At a TechCrunch hackathon in 2013, two Australian programmers debuted their new mobile app: Titstare, an app for men to take pictures of themselves staring at women’s breasts.
While the app was meant to be tongue-in-cheek, it was also what The New Yorker called “the unfunniest joke in technology,” emphasizing the male-dominated, “brogrammer” culture of the tech industry.
In response to the hostility towards females in the industry, FemmeHacks, an all-women hackathon, was started at Drexel University by Engineering sophomore Andrea Baric, who transferred to Penn from Drexel last fall. The second FemmeHacks was held this past weekend at Huntsman Hall.
“There’s just this culture at hackathons that’s really male-centric and really hard to get into,” College junior Amelia Goodman said. “As a woman at a hackathon, you’re either getting hit on or getting looked at like, ‘why are you here?’”
This year’s FemmeHacks was organized by Women in Computer Science board members Baric, Goodman and Wharton and Engineering sophomore Anvita Achar, along with Women in Computer Science Vice President and Engineering sophomore Elizabeth Hamp. The change in location helped the hackathon to grow and open it up to a greater number of participants.
Last year, roughly 30 students attended the first FemmeHacks, held at Drexel’s ExCITe Center — a number that quadrupled at this year’s event, which accepted around 120 out of over 400 applicants. While priority was given to students from the Philadelphia area, applications came from as far away as California and India.
“As Penn, we get a lot of resources that we take for granted, like a safe hacking space or getting to meet other women in computer science,” Achar said. “So we wanted [the hackathon] to be beyond the Penn community.”
FemmeHacks has branded itself as being open to women*, using the asterisk to indicate that it is open not only to cisgender and transgender women but to nonbinary or gender non-conforming students as well.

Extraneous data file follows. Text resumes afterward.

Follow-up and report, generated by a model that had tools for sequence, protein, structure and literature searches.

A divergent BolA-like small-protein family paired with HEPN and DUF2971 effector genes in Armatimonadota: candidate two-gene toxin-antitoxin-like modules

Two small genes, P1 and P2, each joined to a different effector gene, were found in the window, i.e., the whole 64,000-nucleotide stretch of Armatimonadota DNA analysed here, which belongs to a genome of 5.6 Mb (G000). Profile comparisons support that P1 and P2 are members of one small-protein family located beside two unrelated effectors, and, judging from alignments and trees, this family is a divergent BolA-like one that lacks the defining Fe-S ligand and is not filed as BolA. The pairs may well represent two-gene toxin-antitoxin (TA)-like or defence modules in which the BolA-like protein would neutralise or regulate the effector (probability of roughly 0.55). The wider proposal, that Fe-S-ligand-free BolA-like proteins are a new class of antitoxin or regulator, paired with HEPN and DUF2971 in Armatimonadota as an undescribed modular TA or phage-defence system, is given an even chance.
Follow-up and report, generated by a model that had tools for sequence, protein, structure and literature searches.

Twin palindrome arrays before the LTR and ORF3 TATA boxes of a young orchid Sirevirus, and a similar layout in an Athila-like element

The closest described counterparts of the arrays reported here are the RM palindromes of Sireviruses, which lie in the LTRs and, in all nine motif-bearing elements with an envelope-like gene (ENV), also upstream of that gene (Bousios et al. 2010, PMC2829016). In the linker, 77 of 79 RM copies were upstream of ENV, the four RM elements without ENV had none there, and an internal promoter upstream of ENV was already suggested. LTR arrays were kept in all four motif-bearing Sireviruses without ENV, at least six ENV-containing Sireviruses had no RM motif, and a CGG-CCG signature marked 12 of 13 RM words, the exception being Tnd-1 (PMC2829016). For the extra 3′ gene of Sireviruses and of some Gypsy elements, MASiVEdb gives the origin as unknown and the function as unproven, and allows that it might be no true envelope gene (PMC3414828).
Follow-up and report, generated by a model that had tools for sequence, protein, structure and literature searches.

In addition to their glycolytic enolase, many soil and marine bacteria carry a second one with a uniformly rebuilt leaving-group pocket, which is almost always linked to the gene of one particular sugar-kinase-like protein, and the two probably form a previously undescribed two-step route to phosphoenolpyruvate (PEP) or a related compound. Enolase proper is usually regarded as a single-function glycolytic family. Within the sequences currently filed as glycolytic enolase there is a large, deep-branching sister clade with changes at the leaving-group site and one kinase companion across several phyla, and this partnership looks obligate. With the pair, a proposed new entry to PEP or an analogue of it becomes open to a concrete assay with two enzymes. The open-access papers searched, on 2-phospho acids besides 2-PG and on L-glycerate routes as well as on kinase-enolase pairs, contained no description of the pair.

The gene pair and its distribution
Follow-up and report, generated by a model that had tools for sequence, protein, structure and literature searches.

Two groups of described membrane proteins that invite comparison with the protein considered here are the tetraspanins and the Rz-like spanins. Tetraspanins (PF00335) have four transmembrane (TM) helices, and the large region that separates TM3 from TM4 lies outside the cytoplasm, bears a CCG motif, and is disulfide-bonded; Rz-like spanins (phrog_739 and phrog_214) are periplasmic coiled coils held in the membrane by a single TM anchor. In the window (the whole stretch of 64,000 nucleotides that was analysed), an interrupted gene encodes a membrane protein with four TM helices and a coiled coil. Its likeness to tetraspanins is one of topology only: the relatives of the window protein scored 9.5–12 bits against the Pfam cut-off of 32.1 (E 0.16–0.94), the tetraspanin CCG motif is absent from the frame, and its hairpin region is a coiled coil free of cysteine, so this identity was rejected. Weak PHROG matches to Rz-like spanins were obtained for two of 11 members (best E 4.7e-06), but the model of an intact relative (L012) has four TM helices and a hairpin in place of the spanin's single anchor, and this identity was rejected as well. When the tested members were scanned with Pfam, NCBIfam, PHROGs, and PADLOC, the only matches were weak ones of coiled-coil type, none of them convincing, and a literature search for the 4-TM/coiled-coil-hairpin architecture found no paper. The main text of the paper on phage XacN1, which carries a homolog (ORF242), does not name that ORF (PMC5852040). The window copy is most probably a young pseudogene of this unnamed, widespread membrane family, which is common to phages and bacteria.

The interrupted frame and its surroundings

The event also featured workshops and panels led by Penn upperclassmen and industry mentors. In line with its mission of community building and networking among women in tech, all mentors and industry representatives were women.
The projects created at the event ranged from a version of the cat collection app, Neko Atsume, which allowed users to surreptitiously call 911 in times of danger, to a video game in which the user beats up 2016 presidential candidate and 1968 Wharton graduate Donald Trump. The grand prize went to a team from Penn that created a program to analyze text and determine its level of gender bias.
Vassar College student Laura Barreto said that she appreciated how FemmeHacks seemed more welcoming and open than other hackathons she had attended.
“I think it’s really important to make events like these accessible to people who would otherwise feel a bit afraid or intimidated to go,” Barreto said. “The thing with a lot of hackathons is that they’re very, very competitive-oriented — I went to one in New York a few months ago and it was very ... ‘I want to win!’ and ‘Oh, you don’t know that many languages? I’ll go find another teammate.’”
Wharton freshman Lydia Chen also appreciated the event’s openness to less experienced coders.
“I’ll probably end up in the business world,” Chen said. “Even if I can’t go out and create a functioning code that’s really complex, just having the ability to look at it and understand what’s going on... is really helpful.”
Clarification: this article has been updated to reflect that the primary organizers of the event were Baric, Goodman and Achar. A previous version of the article indicated that just Baric and Goodman were the primary organizers.Comments powered by Disqus
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